PHOTOS: (Top) Traverse City West’s Anika Dy follows a shot on her way to winning a second MHSAA individual championship. (Middle) Brighton’s Annie Pietila led her team to a runner-up finish at The Meadows. (Click to see more from HighSchoolSportsScene.com.)

Lacrosse Finals Move to U-M Among Headlines as Spring Sports Ramp Up

By Geoff Kimmerly
MHSAA.com senior editor

April 9, 2024

The Girls & Boys Lacrosse Finals will be played at University of Michigan Lacrosse Stadium for the first time, one of the most notable changes for this season as sports ramp up for more than 100,000 athletes anticipated to participate this spring for Michigan High School Athletic Association member schools.

The MHSAA sponsors postseason competition each spring in baseball, girls and boys lacrosse, girls soccer, softball, girls and boys track & field, boys golf (Lower and Upper Peninsula) and girls golf (UP), and girls (LP) and boys (UP) tennis.

The U-M Lacrosse Stadium opened for competition in 2018 and seats 2,000 spectators. The Girls Lacrosse Finals will be played Friday, June 7, with Division 1 at 4 p.m. and Division 2 at 7 p.m. The Boys Lacrosse Finals will be played the following day, June 8, with Division 2 at 11 a.m. and Division 1 at 2 p.m.

Girls lacrosse also has a significant format adjustment this season, as games will be played with four 12-minutes quarters instead of the previous two halves, in part to allow coaches more opportunities to provide direct instruction during a game. Two more rules changes are expected to improve flow of play – players awarded a free position outside of the critical scoring area no longer must come to a stop and settled stance before self-starting, and false start penalties outside the critical scoring area have been eliminated.

Several more rules changes will be noticeable this spring:

In boys lacrosse, a change was made to enhance player safety. Play will stop immediately any time a player’s helmet comes off, and that player may not return until the next dead ball after play continues.

Fair and legal starts are a continued emphasis for track & field, and a rule change will allow for movement before the start of the race as long as a competitor does not leave their mark with a hand or a foot after the “set” command, or make forward motion before the starting device is activated.

A significant rule change in softball alters pitch delivery mechanics. The pitcher may now have both feet off the ground at the same time when releasing the ball as long as both feet remain within the 24-inch width of a pitching plate and the pitcher does not replant the pivot foot before delivering the pitch.

Another change in softball requires that a playbook/playcard be worn on the wrist or kept in a back pocket to reduce distractions. If worn by the pitcher, the equipment must be worn on the non-pitching arm. Similarly in baseball, a wristband with plays or instructions will be permitted but must be a single, solid color, and for pitchers may not contain the colors white or gray or be otherwise distracting. Baseball players must wear this wristband on the wrist or forearm, and pitchers may wear one only on their non-pitching arm.

Also in baseball, a rule change allows for one-way communication devices worn by the catcher to receive instructions from the dugout while on defense, for the purpose of calling pitches. The coach must be inside the dugout/bench area to use the communication device.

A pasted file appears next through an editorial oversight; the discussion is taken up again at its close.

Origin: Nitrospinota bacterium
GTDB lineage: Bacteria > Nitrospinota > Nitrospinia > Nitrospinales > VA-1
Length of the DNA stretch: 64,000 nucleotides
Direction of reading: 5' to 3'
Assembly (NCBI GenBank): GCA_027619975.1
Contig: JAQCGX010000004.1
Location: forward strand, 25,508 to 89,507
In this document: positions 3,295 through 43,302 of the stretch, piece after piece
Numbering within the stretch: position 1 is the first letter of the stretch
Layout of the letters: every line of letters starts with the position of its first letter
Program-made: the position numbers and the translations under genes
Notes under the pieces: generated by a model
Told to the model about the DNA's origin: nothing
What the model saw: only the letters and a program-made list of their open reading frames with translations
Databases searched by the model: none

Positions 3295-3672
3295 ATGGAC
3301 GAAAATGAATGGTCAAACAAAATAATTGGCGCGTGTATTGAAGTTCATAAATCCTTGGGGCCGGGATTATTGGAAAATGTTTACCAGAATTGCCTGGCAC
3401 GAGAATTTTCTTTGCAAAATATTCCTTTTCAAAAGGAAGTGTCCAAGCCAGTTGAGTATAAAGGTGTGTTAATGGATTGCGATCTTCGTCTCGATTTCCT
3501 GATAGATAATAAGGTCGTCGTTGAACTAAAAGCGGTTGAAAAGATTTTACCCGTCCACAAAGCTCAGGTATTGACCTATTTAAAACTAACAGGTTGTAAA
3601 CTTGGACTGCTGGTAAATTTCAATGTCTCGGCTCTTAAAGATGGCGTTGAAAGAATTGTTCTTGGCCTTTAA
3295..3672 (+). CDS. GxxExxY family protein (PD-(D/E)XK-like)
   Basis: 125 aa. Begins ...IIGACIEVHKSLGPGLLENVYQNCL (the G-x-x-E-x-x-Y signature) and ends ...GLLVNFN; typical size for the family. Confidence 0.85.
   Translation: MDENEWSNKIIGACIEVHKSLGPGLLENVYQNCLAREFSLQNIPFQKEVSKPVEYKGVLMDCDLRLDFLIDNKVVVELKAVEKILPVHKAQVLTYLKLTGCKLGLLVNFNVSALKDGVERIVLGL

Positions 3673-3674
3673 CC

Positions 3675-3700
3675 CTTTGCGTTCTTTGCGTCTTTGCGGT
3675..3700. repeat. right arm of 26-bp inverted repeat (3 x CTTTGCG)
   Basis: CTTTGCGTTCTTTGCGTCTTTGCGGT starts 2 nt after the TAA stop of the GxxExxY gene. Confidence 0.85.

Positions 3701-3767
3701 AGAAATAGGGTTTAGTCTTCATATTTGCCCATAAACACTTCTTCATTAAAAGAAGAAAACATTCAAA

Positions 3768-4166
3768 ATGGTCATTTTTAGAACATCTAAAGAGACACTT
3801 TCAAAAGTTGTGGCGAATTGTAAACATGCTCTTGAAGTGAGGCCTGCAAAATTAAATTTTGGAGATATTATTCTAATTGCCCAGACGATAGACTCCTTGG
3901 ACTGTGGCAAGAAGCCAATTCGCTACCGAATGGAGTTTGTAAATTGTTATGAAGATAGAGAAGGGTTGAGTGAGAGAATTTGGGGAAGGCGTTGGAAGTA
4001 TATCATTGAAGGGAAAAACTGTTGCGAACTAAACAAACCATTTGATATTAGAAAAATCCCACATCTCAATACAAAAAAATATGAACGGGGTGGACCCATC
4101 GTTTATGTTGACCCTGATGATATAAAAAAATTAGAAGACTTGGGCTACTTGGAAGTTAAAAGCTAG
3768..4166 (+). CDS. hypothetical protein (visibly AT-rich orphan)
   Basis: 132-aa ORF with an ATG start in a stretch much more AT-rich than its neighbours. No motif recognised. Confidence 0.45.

Golfers now are required to participate in at least four competitions for the high school team prior to representing that school team in an MHSAA Regional or Final. Those four regular-season competitions may be 9 or 18-hole events.

In tennis, for the first time in Lower Peninsula play, a No. 1 doubles flight from a non-qualifying team will be able to advance from its Regional to Finals competition. To do so, that No. 1 doubles flight must finish first or second at its Regional, and the No. 1 singles player from that team also must have qualified for the Finals individually by finishing first or second in Regional play.

On the soccer pitch, two officiating-related changes will be especially noticeable. Officials now may stop the clock to check on an injured player without that player being required to leave the match – previously that player would have to sub out. Also, categories for fouls have been redefined: careless (which is a foul but does not receive a card), reckless (a foul with a yellow card) and excessive force (foul with red card). 

The 2023-24 Spring campaign culminates with postseason tournaments, as the championship schedule begins with the Upper Peninsula Girls & Boys Golf and Boys Tennis Finals during the week of May 27 and wraps up with Girls Soccer, Baseball and Softball Finals on June 15. Here is a complete list of winter tournament dates:

Districts – May 23-June 1
Regional Semifinals – June 5
Regional Finals, Quarterfinals – June 8
Semifinals – June 13-14
Finals – June 15

LP Boys Regionals – May 28-June 1
UP Girls & Boys Finals – May 29, 30, 31 or June 1
LP Boys Finals – June 7-8

Boys Lacrosse
Pre-Regionals – May 10-15
Regionals – May 16-29
Quarterfinals – May 31 or June 1
Semifinals – June 5
Finals – June 8

Girls Lacrosse
Pre-Regionals – May 16-18, or May 20
Regionals – May 22-June 1
Semifinals – June 5
Finals – June 7

Girls Soccer
Districts – May 22-June 1
Regionals – June 4-8
Semifinals – June 11-12
Finals – June 14-15

Districts – May 23-June 1
Regionals – June 8
Quarterfinals – June 11
Semifinals – June 13-14
Finals – June 15

LP Girls Regionals – May 15-18
UP Boys Finals – May 29, 30, 31 or June 1
LP Girls Finals – May 31-June 1

Track & Field
Regionals – May 16-18
Finals – June 1